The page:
In helping to create a capitalist world market, Jewish firms like the Rothschilds enjoyed an initial comparative advantage, deriving from their original legal disabilities. Their financial innovations were built on two highly functional traditions. The first was that of the Hofjuden, or “Court Jews,” moneylenders to German princelings. Arranging loans through the international bond markets was merely an extension of this older occupation, with the important difference that the balance of power had shifted toward the lender. It is significant that the five Rothschild banks were established in political, not trading, centers: London, Paris, Vienna, Frankfurt, Naples. The decline and eventual closure of the latter two were the direct result of the political unification of Germany and Italy, which transferred the seat of government to Berlin and Rome respectively.
The Rothschilds aimed to be as close as possible to the political centers of power, geographically and socially, in order to harvest and transmit political intelligence for the firm’s benefit. As Ferguson says, their uniquely fast communication system, based on private couriers, was used by European statesmen as an express diplomatic service. In concentrating on government finance they differed from, say, the Hamburg-based Schroeders, whose firms were initially set up in ports to finance the Baltic trade. The Rothschilds understood that “a Court always leads to something.” In the Rothschild case it led not just to wealth but to ennoblement. The five brothers were given Austrian baronies in 1817, admittedly a devalued currency. In England, Nathaniel Rothschild had to wait till 1885 for his peerage: “To make a Jew a peer,” Queen Victoria told Lord Granville, “is a step she cd. not consent to.” She did in the end.
There were two large gaps in the Rothschild multinational network, to the detriment of both their profits and influence. They never opened a bank in New York. Even though James Rothschild glimpsed America’s potential in the 1830s, no Rothschild wanted to emigrate to a land without a royal court. So they missed out on the post-Civil War boom. The Rothschilds’ failure to establish themselves in the United States, Ferguson writes, “proved to be the single biggest strategic mistake in their history.” As important politically was the fact that establishment of the founder bank in Frankfurt meant there was no Rothschild bank in Berlin. This cut the family off from continuous contact with Bismarck, the manager of the European state system in the second half of the nineteenth century. Bismarck had his own “Court Jew,” Gerson Bleichröder, to manage Prussian state, as well as his own personal, finances. Their relationship has been wonderfully explored by Fritz Stern.* The lack of a Rothschild in Berlin removed a crucial link from the financial circuit which bonded the European nations.
The second tradition that the Rothschilds brought to their new businesses was that of family connection. In laying the bank’s foundations, Mayer Amschel insisted it must be a family partnership, and his wish was law for a century. “The family,” wrote James Rothschild in 1851, “is everything: it is the only source of…happiness,…it is our unity.” Here too the Rothschilds were able to turn a legal disability into a business asset. Dispersed nations have always relied on strong and cohesive family structures to protect them from outright hostility and inadequate redress in their host countries. Their family circuits promoted exactly the business qualities—mutual trust, pooled resources, and information—so advantageous for cross-border trading operations, which were subject to large uncertainties.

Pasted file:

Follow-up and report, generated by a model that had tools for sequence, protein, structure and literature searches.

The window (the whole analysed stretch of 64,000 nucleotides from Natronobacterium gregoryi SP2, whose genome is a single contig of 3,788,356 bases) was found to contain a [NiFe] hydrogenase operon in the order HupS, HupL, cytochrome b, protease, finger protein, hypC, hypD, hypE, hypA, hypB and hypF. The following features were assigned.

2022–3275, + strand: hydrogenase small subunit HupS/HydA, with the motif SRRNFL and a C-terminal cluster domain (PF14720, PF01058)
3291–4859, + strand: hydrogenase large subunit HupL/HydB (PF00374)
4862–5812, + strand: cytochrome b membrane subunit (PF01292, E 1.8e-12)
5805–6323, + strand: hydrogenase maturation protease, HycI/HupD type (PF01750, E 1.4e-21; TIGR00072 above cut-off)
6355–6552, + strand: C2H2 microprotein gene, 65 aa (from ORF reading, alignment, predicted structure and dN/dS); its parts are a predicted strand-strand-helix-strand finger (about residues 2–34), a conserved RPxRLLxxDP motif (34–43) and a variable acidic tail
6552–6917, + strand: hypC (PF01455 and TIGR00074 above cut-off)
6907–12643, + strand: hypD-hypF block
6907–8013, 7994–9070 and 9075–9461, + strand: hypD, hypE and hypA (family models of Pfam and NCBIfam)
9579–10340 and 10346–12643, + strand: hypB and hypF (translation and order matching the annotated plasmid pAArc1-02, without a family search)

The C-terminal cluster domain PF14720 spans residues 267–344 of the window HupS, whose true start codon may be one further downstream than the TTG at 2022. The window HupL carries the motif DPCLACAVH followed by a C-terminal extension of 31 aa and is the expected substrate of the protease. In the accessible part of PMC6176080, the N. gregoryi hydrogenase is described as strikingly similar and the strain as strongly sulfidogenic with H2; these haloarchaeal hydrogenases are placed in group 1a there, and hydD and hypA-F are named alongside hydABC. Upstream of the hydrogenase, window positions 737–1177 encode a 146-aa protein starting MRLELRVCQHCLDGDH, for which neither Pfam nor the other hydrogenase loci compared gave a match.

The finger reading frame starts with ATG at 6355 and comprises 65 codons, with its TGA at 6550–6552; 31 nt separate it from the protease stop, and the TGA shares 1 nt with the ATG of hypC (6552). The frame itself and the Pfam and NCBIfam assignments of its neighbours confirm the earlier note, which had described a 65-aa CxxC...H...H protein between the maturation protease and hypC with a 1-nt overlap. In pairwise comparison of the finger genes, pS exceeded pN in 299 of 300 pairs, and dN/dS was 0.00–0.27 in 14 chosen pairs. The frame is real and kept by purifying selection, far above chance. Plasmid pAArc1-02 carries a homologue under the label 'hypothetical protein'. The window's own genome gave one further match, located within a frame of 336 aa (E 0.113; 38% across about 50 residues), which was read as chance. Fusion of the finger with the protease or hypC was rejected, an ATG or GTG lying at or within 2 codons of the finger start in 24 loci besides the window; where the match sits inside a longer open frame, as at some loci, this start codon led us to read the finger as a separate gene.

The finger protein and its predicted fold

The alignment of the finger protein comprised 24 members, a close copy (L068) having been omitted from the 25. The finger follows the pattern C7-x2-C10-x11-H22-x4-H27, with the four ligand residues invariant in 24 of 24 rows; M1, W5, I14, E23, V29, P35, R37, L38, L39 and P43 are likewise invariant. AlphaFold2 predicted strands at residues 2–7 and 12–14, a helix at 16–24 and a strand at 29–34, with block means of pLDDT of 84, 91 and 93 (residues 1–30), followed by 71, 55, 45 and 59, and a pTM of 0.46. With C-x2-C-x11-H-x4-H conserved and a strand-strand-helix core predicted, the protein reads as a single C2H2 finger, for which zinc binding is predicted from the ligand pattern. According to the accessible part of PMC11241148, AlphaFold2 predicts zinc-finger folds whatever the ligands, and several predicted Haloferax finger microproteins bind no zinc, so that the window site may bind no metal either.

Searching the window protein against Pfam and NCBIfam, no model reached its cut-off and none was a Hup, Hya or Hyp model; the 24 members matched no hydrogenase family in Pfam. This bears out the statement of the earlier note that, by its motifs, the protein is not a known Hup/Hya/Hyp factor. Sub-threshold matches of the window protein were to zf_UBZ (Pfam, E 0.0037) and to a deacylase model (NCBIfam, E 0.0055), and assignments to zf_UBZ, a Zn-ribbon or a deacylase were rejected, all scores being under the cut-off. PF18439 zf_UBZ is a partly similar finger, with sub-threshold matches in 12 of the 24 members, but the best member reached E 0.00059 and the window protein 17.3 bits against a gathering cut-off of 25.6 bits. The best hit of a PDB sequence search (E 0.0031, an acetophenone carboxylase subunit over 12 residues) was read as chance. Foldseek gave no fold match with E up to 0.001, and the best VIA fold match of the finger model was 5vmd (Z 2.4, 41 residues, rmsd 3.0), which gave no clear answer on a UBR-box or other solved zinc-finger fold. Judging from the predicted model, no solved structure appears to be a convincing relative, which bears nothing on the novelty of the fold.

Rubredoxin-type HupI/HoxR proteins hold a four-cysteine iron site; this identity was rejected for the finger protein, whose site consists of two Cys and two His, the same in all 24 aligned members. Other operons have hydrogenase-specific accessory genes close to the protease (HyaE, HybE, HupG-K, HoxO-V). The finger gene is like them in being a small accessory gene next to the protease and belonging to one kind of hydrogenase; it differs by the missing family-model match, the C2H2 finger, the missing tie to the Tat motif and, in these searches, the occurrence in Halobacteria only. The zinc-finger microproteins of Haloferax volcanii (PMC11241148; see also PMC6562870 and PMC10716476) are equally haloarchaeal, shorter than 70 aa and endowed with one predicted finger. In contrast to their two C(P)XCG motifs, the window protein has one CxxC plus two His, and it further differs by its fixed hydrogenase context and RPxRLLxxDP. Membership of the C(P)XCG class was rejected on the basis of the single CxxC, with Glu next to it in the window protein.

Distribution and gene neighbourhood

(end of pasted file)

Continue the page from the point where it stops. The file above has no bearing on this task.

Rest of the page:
The function of dispersed nations in the development of capitalism is starting to be studied seriously again. Contemporaries had no doubt about its importance. As early as 1712, the English journal the Spectator could write:
They [Jews] are so disseminated through all the trading Parts of the World, that they are become the Instruments by which the most distant Nations converse with each other and by which mankind are knit together…. They are like the pegs and nails in a great building, which, though they are little valued in themselves, are absolutely necessary to keep the whole frame together.
The same could be said, though less universally, about Armenians, Chinese, and Indians. Family networks, located in diasporas, helped to supply international credit facilities before the formal legal and institutional structures were put into place. They still do today, in many of the emerging markets. In the development of the international economy, trust comes before law, and kinship before state.
Admittedly, the Rothschilds carried the dynastic principle to extreme lengths. Of twenty-one marriages involving the descendants of Mayer Amschel between 1824 and 1877, fifteen were between his direct descendants. These endogenous alliances, which went together with excluding daughters and sons-in-law from partnerships, were designed to “fortify the cohesion of the financial partnership.” Despite the usual fraternal quarrels, they achieved this. For many years family and religious cohesion—for the Rothschilds never renounced their Jewish faith—was the most potent factor in the Rothschild success.
Endogamy, though, had the unexpected consequence of creating, in effect, a Jewish royal family. The Rothschilds became “Kings of the Jews” as well as “the Jews of Kings.” And with kingship came kingly responsibilities, not just philanthropic, but as spokespersons for their dispersed Jewish kingdom all over Europe. Theodor Herzl offered the Rothschilds the throne of Israel if they would support Zionism.
Already, then, by the time Ferguson’s first volume ends, one can see the seeds of decay in the very factors which brought the Rothschilds their preeminence. With the improvement of state revenues, the development of deposit and joint-stock banking, and the growth of domestic capital markets, there was less demand for the financial services supplied by the “Jews of Kings.” And their dynastic principles doomed the Rothschilds to the inevitable problem faced by all family firms: lack of energetic new blood.
See Fritz Stern's book, Gold and Iron: Bismark, Bleichröder, and the Building of the German Empire (Knopf, 1977).↩
See Fritz Stern’s book, Gold and Iron: Bismark, Bleichröder, and the Building of the German Empire (Knopf, 1977).↩